And then, of course, the Institute of Family Studies, we’ve all heard of them, they came out and said, “It turns out it’s more about the parents’ usage of devices rather than the kids’.” So for example, if you’re, you know, scrolling through Facebook at dinner time the kids are picking up on that behavior and it can create…or if you’re, for example, I think it was in the segment pioneer, we’re talking about brushing teeth and if the kids are playing around brushing teeth, anyway, so if it comes down, if they’re showing signs of hyperactivity or behavioral problems it could be because of the parents’ usage of the devices. Also there’s a link to depression and anxiety.
So you want to set certain rules for your kids about uses of devices and apply them also to the parents as well. Does that make sense?
Cody: All right, yeah, that makes sense. Yeah, they see you doing it then they think, “Oh, if it’s fine for him, it’s also good for me.”
Ryan: Yeah. And if they see you doing it they’re gonna be like, “Oh, that must be cool. Dad is doing it.”
Cody: [inaudible 00:04:23], dinner time? All right, back to you.
Ken: Not a word. I appreciate that.
How much screen time we give our kids has become a hotly contested topic in recent years. In this article, we’ll walk you through some new studies which give some interesting insights into the impact of screen time on kids’ development. We’ll also look at what the research has to say about how parental behavior with devices is affecting the family.
You may have heard the recent findings about screen time
A good place to begin is to look at the American Academy of Pediatrics (AAP). They recently gave a series of recommendations regarding how much screen time children should be given.
The AAP recommended that parents should set up a family media plan which takes into account the “health, education and entertainment needs” of each child and of the whole family.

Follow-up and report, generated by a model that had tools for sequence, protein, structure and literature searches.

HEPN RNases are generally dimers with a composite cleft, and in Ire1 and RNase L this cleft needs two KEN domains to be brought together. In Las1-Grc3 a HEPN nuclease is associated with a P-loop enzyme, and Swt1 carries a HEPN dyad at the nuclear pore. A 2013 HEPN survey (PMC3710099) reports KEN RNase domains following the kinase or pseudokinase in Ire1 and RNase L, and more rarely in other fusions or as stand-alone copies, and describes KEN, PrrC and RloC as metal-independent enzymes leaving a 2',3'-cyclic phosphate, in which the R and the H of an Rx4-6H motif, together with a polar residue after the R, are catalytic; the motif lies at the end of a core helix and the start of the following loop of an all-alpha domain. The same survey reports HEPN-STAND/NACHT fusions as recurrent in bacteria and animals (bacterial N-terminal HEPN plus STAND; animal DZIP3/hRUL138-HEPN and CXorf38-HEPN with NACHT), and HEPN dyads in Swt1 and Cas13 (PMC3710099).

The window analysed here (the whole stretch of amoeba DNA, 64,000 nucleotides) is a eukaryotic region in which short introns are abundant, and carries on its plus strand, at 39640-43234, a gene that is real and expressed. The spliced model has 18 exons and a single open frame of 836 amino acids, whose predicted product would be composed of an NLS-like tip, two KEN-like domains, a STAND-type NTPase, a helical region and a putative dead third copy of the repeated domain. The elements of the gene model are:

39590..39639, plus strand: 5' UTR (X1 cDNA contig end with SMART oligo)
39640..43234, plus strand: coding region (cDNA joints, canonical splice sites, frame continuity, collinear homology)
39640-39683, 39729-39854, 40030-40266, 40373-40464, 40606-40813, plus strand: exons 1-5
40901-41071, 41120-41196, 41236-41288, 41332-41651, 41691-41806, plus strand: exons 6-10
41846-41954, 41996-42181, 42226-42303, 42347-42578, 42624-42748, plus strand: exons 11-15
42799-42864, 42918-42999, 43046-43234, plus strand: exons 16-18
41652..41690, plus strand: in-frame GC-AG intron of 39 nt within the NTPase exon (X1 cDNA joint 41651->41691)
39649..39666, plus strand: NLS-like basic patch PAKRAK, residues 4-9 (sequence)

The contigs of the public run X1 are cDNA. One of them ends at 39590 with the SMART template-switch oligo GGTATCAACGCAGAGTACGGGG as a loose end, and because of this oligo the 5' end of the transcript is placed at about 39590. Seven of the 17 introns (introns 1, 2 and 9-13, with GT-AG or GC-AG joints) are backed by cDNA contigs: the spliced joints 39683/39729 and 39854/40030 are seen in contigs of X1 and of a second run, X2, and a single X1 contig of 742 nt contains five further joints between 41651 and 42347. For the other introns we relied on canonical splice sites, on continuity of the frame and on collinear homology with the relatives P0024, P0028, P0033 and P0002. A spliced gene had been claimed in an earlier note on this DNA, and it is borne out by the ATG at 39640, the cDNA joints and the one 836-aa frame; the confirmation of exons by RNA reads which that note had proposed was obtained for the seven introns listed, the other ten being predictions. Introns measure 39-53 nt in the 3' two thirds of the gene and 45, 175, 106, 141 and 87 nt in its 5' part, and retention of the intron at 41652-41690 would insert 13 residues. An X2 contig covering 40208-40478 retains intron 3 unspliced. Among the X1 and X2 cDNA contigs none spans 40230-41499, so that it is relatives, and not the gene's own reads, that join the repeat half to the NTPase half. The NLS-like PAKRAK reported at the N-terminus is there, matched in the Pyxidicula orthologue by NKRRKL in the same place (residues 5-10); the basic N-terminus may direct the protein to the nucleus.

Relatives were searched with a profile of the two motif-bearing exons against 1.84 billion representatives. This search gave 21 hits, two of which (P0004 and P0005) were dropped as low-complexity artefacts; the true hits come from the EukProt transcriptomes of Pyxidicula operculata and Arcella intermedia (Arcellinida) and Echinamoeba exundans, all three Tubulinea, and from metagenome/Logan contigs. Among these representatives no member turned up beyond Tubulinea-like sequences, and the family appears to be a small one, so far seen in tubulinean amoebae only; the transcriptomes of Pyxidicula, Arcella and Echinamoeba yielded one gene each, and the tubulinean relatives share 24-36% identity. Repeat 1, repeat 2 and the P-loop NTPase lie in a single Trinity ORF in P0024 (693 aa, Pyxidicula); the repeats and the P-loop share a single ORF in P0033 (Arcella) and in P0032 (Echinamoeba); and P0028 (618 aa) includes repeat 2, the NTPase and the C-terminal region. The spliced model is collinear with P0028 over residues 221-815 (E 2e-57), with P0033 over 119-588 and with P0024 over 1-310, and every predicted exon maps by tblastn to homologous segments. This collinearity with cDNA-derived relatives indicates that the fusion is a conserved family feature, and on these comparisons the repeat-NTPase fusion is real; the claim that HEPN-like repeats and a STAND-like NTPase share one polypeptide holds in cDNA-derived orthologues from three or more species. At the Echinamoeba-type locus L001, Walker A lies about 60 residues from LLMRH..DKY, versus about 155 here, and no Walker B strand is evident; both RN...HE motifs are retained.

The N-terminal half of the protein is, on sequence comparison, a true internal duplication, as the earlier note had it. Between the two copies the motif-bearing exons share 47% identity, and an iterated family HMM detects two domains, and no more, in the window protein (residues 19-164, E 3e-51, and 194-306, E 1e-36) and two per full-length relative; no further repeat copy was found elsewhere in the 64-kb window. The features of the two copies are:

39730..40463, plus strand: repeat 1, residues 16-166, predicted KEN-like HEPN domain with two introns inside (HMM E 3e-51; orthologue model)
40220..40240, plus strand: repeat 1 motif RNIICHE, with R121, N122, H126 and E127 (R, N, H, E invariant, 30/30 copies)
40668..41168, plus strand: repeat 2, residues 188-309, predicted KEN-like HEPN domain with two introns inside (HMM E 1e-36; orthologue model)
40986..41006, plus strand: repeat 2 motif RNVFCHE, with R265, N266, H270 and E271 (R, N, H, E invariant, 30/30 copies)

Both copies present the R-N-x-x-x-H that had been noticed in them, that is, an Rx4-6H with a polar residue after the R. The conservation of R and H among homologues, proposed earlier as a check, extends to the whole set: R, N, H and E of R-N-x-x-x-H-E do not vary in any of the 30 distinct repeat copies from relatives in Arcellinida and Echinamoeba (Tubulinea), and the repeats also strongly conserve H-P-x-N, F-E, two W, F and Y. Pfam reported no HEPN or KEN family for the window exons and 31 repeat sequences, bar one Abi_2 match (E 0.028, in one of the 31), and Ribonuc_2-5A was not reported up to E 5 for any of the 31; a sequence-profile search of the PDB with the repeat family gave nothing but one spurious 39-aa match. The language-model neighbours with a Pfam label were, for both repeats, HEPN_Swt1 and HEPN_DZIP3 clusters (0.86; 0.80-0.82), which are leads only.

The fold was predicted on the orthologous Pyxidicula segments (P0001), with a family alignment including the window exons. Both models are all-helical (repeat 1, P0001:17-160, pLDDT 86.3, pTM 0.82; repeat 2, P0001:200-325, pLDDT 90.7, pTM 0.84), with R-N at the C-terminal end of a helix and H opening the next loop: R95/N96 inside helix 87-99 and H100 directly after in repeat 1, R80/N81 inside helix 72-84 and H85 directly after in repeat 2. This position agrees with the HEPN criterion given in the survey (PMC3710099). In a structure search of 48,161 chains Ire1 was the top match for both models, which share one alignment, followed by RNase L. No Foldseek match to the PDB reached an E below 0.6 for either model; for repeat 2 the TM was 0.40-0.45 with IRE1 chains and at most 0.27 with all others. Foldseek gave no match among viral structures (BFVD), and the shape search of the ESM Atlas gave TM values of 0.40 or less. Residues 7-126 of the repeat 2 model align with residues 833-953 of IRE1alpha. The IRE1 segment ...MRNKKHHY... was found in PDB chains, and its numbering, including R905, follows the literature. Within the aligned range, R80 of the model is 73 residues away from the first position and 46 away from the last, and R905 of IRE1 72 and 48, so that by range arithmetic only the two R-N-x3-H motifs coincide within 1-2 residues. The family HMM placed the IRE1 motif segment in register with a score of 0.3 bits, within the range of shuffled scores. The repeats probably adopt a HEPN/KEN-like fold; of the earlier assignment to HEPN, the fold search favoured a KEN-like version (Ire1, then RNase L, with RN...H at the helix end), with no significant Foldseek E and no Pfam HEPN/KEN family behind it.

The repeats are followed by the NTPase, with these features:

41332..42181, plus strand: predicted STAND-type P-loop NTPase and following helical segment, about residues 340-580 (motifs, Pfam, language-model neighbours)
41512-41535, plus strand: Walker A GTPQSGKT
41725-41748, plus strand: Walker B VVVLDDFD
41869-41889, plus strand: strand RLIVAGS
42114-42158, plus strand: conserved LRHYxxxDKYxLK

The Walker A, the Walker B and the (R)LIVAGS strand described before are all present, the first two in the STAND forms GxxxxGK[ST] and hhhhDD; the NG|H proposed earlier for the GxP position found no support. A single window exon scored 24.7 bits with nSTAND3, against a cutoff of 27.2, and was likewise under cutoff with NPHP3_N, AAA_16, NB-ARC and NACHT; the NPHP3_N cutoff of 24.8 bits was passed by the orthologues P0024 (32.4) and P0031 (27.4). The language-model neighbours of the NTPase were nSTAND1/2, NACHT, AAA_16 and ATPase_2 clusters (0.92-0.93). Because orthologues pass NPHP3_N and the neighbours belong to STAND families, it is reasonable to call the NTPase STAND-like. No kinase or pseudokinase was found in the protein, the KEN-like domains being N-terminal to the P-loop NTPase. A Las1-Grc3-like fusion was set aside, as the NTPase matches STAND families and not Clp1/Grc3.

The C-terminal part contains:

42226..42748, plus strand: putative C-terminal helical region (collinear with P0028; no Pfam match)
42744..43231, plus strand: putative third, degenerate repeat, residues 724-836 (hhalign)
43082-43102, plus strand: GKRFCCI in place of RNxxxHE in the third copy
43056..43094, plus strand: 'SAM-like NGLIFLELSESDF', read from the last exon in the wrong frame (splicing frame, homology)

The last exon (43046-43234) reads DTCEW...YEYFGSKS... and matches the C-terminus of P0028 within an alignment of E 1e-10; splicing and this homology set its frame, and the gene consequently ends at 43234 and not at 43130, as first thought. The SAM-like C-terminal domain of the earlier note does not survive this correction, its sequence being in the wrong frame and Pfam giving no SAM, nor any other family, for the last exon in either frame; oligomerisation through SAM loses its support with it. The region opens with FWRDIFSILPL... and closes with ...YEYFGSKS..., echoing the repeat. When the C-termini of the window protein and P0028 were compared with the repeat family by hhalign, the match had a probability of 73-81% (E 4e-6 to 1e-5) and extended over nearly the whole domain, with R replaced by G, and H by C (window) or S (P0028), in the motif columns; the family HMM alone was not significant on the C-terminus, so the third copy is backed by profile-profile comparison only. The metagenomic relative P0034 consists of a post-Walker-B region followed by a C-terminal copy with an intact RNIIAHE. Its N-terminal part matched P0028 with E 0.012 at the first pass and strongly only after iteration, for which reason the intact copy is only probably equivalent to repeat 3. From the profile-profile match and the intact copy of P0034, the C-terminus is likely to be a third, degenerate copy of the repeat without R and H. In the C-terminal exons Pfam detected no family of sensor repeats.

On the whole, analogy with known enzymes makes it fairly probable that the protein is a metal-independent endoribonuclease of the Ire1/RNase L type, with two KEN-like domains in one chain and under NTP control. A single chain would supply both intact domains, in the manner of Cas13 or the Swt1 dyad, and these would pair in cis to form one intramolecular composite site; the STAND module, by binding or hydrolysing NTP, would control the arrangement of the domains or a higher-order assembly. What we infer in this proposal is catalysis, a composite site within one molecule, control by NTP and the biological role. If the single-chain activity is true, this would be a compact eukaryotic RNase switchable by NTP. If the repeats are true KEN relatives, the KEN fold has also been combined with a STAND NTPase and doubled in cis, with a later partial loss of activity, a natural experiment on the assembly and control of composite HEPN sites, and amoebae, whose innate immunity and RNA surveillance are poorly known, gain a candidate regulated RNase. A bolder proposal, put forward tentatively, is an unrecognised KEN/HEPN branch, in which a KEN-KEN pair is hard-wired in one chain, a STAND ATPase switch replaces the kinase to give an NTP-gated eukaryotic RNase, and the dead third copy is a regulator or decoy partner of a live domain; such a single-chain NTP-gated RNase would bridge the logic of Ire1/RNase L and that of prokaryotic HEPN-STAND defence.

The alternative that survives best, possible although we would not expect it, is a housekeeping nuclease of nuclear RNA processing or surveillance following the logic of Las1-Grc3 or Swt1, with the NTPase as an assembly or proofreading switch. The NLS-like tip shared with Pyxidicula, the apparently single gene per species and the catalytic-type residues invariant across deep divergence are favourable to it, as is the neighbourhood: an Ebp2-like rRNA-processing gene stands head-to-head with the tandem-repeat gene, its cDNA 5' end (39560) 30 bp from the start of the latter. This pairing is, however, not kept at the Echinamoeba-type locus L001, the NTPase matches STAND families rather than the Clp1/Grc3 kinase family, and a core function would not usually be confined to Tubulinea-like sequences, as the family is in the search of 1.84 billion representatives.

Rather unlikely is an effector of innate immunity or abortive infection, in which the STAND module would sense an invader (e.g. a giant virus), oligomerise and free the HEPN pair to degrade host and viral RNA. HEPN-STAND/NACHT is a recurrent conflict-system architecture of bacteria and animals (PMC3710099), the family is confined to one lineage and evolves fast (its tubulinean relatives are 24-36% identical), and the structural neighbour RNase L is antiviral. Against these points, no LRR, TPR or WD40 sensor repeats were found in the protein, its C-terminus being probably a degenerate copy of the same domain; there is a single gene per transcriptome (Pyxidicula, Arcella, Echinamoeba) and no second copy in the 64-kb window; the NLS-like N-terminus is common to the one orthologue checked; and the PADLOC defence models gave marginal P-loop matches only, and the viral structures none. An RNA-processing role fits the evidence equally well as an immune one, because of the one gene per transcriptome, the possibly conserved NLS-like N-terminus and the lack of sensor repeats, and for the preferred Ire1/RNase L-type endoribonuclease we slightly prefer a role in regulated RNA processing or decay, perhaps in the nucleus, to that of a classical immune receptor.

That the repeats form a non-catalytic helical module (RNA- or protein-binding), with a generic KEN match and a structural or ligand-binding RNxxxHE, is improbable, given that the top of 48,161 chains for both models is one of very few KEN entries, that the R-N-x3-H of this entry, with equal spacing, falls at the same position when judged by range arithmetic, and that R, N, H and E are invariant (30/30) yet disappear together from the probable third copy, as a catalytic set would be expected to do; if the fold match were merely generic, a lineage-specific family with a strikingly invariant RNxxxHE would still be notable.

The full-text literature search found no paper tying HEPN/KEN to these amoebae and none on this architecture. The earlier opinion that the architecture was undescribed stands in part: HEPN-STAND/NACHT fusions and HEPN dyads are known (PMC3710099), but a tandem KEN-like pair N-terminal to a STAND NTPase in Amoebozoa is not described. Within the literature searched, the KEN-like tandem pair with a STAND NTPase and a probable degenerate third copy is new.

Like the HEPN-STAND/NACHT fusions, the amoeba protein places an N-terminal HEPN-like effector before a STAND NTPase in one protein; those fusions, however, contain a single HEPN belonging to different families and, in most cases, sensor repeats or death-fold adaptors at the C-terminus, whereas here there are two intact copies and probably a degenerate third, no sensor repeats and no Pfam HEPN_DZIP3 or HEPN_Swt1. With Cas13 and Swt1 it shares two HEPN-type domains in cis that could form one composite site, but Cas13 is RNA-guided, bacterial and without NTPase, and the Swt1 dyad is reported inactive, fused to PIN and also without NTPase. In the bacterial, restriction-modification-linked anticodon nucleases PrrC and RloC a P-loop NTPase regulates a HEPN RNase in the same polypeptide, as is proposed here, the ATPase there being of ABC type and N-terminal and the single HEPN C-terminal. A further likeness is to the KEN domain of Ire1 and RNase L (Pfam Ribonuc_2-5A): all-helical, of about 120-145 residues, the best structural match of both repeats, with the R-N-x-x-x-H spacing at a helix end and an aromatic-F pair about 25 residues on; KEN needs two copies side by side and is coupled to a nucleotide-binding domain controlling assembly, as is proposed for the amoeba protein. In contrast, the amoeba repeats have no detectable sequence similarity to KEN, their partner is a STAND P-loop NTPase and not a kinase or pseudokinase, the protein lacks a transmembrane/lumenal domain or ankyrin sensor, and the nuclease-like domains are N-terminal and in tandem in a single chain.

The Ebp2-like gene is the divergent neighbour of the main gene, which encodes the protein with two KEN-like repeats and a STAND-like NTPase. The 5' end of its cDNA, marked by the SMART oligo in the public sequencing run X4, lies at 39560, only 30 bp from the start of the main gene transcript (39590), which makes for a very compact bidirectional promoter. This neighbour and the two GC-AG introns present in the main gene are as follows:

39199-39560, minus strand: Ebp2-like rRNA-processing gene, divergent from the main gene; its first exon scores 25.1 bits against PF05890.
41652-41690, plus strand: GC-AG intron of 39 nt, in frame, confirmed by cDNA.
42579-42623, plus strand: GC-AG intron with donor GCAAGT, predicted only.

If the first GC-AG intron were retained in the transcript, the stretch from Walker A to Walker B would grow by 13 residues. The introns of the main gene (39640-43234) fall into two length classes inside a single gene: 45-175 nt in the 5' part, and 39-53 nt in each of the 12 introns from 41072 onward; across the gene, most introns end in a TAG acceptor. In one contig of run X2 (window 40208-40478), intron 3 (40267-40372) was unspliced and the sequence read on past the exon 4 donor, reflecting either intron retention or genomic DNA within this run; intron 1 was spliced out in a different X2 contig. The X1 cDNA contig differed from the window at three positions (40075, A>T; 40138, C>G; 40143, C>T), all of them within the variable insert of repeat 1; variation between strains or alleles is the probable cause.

Generally, the advice was that children aged 2 to 5 should be limited to 1 hour per day and that consistent time limits should be set for children aged 6 and over.
The AAP’s article goes into much more detail and it’s well worth a read.
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Shared-screen time is actually beneficial
While the AAP’s findings are instructive, there are a number of studies we’d recommend you look at and think about when making decisions about what’s best for your family.
For example, a recent University of Oxford study found that children’s screen-time guidelines are too restrictive and need to be approached in a more nuanced fashion.
In the study, 20,000 parents of 2 to 5-year-olds were interviewed in relation to their kid’s screen usage and its impact on their happiness and behavior. Here’s one of the study’s key findings:
“…our findings suggest the broader family context, how parents set rules about digital screen time, and if they’re actively engaged in exploring the digital world together, are more important than the raw screen time.”
In other words, focusing on a quality, shared experience is far more important than hard and fast rules setting time limits and that shared screen time was shown to contribute positively to kids’ happiness and well-being.
So what does this mean for us as parents?
It just reinforces that screen time shouldn’t be used as a babysitter.
Video games aren’t the problem, so long as we play them with our kids. YouTube isn’t a problem either, so long as we’re sitting down with our kids and sharing the experience.
Ditch Devices at Bedtime
Recent research at the Penn State College of Medicine focused on the impact of kids using devices close to bedtime.